All images © Joshua Nowicki, shared with permission
Last weekend in St. Joseph, Michigan, tall layered pedestals and sloping tables sprung up from the otherwise calm Tiscornia Park Beach, turning the lakeside vista into a strange, otherworldly environment. Photographer Joshua Nowicki (previously) captured the ice-laden phenomenon, which is caused by powerful winds eroding frozen sand and carving dozens of towering shapes haphazardly placed along the shore.
The unearthly constructions, which look like miniature hoodoos, arise periodically during Great Lakes winters, although Nowicki says these 15-inch formations are some of the tallest he’s stumbled upon. “They do not last very long (usually only a couple of days). The wind completely erodes them or knocks them down. If the temperature goes up above freezing they crumble, and often in the winter, they soon get covered by drifting snow,” he shares.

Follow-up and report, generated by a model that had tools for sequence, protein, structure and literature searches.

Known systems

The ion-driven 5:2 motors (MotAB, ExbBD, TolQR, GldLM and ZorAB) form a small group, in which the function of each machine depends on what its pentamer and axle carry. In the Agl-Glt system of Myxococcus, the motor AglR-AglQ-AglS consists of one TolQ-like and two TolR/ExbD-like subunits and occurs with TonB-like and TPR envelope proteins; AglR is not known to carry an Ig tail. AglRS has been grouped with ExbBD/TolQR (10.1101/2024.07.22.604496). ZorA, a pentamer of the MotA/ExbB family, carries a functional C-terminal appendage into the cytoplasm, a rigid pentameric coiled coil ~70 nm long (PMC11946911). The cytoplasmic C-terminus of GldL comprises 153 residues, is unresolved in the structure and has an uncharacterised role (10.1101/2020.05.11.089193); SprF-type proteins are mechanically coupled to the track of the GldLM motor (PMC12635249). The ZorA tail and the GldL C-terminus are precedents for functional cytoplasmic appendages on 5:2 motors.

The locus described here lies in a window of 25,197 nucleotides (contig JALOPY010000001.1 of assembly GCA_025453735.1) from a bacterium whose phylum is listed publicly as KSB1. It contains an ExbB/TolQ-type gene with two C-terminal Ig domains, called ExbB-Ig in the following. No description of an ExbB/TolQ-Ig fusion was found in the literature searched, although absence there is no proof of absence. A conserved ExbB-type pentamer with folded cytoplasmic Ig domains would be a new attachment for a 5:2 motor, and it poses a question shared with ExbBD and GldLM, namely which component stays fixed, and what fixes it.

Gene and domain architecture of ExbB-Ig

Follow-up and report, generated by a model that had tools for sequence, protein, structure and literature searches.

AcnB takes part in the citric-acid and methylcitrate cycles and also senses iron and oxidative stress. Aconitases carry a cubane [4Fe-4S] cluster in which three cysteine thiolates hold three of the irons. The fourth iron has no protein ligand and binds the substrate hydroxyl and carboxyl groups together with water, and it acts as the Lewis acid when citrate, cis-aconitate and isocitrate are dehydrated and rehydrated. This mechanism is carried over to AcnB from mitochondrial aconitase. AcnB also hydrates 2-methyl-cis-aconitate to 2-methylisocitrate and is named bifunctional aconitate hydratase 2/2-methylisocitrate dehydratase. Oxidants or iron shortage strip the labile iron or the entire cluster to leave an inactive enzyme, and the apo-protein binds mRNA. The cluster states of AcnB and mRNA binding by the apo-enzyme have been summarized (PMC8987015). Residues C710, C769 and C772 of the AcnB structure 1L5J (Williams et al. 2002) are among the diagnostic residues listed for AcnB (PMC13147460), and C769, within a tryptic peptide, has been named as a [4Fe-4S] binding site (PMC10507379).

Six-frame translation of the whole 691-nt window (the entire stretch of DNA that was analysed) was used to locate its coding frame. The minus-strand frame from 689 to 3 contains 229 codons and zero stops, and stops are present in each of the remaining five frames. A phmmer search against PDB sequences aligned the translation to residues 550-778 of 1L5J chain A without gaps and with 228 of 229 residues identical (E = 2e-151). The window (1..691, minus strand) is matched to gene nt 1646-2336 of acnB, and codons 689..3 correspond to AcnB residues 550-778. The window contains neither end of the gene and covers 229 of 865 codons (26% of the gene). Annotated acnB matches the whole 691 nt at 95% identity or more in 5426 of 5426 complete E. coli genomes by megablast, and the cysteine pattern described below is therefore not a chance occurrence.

Find more of Nowicki’s photos documenting the sights of the Midwest’s infamously frigid season on Instagram.
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